Letters

July 9, 2013 | Letter
Excerpt: Both the HHS final rule and the Treasury announcement raise troubling questions about the status of the administration’s efforts to implement the PPACA and to what extent the exchanges will be operational by the time enrollment begins on October 1, 2013. The administration has had three years to implement the PPACA, yet in the span of just three days, two agencies have used administrative actions to significantly change fundamental requirements of the law.
July 9, 2013 | Letter
Excerpt: PPACA places an enormous new burden on employers that clearly contributes to the economy and job growth remaining relatively stagnant. We recognize that the decision to delay the employer mandate was likely not a decision you made in only a day and necessarily required substantial review by analysts at the Department of the Treasury, Department of Health and Human Services, Department of Labor, as well as the Office of Management and Budget.
July 3, 2013 | Letter
Excerpt: This decision was made after "[the administration] heard concerns about the complexity of the requirements and the need for more time to implement them effectively." In the three years since the passage of the PPACA, we have heard similar complaints not only from business owners, but from state leaders, government watchdogs, and individual citizens as well.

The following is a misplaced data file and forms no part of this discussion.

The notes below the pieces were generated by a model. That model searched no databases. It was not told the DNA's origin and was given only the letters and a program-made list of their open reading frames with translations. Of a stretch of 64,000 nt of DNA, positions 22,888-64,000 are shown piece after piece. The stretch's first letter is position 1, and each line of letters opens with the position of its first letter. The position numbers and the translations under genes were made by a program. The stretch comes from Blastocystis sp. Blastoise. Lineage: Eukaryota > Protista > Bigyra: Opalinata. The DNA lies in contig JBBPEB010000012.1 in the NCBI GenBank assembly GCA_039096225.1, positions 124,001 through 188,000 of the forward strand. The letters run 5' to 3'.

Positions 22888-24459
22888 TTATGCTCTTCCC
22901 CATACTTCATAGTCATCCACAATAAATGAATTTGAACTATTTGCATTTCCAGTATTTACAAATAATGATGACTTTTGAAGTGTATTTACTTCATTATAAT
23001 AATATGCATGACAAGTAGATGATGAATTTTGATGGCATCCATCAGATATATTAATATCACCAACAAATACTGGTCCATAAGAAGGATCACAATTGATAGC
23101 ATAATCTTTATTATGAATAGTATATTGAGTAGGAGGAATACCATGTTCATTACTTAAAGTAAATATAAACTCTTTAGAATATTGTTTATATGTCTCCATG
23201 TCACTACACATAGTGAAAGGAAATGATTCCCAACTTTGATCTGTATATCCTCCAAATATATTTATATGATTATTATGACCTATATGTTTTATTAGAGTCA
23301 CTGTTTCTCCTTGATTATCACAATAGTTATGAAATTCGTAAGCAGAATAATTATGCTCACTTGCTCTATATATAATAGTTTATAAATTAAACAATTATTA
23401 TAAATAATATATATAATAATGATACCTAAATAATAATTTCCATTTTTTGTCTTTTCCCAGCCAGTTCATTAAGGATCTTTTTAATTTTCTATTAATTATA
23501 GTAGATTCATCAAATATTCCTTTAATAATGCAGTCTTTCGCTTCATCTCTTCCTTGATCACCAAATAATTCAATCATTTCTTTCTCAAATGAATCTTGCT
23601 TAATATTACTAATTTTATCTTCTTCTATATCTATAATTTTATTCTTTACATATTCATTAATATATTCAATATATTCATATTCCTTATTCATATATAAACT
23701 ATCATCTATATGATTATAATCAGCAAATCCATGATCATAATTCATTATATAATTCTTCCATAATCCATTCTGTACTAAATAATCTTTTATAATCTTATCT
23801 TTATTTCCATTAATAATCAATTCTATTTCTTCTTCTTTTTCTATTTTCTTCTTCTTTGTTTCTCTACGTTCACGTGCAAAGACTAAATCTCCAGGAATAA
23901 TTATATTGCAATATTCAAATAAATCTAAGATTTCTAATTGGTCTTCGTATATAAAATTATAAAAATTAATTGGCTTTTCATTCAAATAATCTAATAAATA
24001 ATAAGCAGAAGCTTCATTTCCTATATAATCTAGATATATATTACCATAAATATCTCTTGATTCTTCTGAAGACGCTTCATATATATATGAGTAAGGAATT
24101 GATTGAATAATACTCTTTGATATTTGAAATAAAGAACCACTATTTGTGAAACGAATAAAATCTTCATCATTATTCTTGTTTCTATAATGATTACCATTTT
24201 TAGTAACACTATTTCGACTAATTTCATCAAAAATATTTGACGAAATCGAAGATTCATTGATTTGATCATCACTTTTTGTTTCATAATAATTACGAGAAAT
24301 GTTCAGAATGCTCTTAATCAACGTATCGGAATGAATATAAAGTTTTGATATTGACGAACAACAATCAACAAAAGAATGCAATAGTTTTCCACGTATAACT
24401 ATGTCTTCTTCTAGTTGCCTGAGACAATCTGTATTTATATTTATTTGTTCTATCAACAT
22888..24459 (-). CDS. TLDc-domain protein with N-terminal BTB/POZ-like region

June 28, 2013 | Letter
To read the letter, click here. To read DOE's July 22, 2013 response, click here (and Enclosure).
June 28, 2013 | Letter
Excerpt: The Patient Protection and Affordable Care Act (PPACA) requires that insurers offering plans on the Health Insurance Marketplaces, or exchanges, include a “sufficient number and geographic distribution” of providers that serve predominantly “low-income, medically underserved individuals.” These providers are referred to as Essential Community Providers.
June 27, 2013 | Letter
Excerpt: EPA regularly faces litigation relating to implementation or enforcement of statutes or of its regulations, rulemaking activities, and other actions. Several environmental statutes have provisions that allow citizens – including individuals, states, non-governmental organizations, industry, associations and other entities – to file a lawsuit against EPA challenging certain agency actions or inaction, including lawsuits relating to potential new regulations,”

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